Good plug-ins have options, and this one has just a few, but important ones:

   animation: 'fadeAndPop',                 // fade, fadeAndPop, none
   animationspeed: 300,                     // how fast animations are
   closeonbackgroundclick: true,            // if you click background will modal close?
   dismissmodalclass: 'close-reveal-modal'  // the class of a button or element that will close an open modal

If you are wondering how to use the options when you’re using the data-reveal-id implementation, it’s easy: just take the option and add the data- before it, and pass a valid value. Here it is with the default values:

<a href="#" data-reveal-id="myModal"
data-animation="fadeAndPop" data-animationspeed="300"
data-closeonbackgroundclick="true" data-dismissmodalclass="close-reveal-modal"
>Click for a modal</a>

Reveal: jQuery Modal Plug-In

Surprise your visitors with some elegant modal windows. Download our lightweight modal plug-in and start popping up informative and varied dialogs on your pages. Check out the demo to see this plug-in in action.

Live demo

Reveal Modal Plugin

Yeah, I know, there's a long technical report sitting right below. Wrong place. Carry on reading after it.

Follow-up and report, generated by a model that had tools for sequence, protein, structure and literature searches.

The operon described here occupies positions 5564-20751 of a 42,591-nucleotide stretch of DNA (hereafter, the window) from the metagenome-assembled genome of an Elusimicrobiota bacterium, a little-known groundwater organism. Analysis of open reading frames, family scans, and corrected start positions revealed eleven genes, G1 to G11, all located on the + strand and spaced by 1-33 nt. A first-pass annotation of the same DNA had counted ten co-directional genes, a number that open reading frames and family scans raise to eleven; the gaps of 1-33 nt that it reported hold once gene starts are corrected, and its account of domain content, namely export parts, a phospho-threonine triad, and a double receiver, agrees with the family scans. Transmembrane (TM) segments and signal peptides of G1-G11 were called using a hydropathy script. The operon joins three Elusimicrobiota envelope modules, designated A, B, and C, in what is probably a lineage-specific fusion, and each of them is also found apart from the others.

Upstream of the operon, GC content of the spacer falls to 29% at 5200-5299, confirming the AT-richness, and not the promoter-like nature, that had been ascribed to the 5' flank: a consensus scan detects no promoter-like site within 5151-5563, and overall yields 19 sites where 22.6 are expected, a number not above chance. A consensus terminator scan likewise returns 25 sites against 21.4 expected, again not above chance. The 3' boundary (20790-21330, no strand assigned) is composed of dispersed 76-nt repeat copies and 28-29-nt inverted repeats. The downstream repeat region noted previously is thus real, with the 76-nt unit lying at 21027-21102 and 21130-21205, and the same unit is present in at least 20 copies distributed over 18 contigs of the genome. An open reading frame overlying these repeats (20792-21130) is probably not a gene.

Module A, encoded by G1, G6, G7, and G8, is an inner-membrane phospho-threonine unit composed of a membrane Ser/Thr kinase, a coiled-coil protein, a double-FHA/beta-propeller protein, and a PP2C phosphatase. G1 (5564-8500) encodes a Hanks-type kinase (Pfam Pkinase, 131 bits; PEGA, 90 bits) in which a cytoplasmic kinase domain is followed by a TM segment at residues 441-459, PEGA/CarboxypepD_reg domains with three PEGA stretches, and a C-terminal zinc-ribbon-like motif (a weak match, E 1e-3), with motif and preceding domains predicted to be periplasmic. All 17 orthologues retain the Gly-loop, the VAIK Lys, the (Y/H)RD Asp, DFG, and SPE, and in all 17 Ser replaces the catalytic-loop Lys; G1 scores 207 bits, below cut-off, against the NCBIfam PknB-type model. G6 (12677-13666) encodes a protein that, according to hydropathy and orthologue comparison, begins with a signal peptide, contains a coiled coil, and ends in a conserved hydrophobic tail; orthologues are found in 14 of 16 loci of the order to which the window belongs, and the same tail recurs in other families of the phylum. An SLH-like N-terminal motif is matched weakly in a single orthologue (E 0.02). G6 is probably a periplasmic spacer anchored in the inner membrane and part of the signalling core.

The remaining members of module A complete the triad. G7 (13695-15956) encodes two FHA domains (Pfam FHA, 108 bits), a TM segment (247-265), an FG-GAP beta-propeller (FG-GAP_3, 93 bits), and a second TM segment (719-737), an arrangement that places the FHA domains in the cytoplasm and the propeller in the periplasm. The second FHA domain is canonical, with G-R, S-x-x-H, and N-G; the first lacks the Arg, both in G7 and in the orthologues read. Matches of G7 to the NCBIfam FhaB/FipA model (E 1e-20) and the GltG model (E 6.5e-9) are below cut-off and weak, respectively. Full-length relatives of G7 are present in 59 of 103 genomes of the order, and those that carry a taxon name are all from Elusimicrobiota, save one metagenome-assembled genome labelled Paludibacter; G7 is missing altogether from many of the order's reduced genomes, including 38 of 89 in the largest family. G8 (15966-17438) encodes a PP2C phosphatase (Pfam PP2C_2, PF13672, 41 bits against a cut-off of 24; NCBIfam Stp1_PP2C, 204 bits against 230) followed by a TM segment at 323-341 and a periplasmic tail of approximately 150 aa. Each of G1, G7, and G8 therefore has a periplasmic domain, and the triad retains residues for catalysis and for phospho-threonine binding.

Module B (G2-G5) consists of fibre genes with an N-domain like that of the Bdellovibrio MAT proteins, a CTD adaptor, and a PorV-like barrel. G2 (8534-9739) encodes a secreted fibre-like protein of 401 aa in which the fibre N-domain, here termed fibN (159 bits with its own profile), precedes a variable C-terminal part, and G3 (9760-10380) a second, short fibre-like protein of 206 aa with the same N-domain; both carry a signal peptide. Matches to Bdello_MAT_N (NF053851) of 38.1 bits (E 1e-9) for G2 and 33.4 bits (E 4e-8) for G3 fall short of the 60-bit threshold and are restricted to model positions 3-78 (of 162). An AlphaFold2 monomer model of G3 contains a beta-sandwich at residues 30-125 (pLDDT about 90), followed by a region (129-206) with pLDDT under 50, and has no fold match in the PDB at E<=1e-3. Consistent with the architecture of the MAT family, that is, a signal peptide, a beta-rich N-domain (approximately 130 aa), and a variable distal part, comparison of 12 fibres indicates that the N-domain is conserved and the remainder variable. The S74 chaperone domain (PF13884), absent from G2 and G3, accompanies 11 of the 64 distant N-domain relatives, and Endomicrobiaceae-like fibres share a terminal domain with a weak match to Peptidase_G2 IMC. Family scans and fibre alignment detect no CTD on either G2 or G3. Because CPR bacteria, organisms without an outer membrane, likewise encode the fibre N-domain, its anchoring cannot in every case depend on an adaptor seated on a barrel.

Reveal modal plug-in.

Bonus: Raptorize jQuery Plug-In

We’ve all been there: sitting at your desk, coding a large website, knee-deep in Extreme Cheddar Doritos, sipping on a liter of Code Red Mountain Dew, when you realize that this page would be…

Bonus: Raptorize jQuery Plug-In.

You immediately race home to grab your Jurassic Park DVDs, so that you can screencap a velociraptor attack. Then you realize how hard it would be to make a raptor run across the website you’re coding. Plus, how will you get that distinctive velociraptor screech? We’ll let you in on a little secret…

We’ve already done it.

Raptorize was created because there was a meme going around the design community about putting velociraptors in visual designs, and we thought there was serious potential for that to live in code. We also wanted to play with some animations, HTML5 audio tags and the Konami Code!

Demo of Raptorize on a page.

First things first: you need to download the Raptorize kit. It has:

  • An awesome raptor graphic, courtesy of Raptorize;
  • MP3 and OGG audio files for the HTML5 audio on Webkit and Firefox;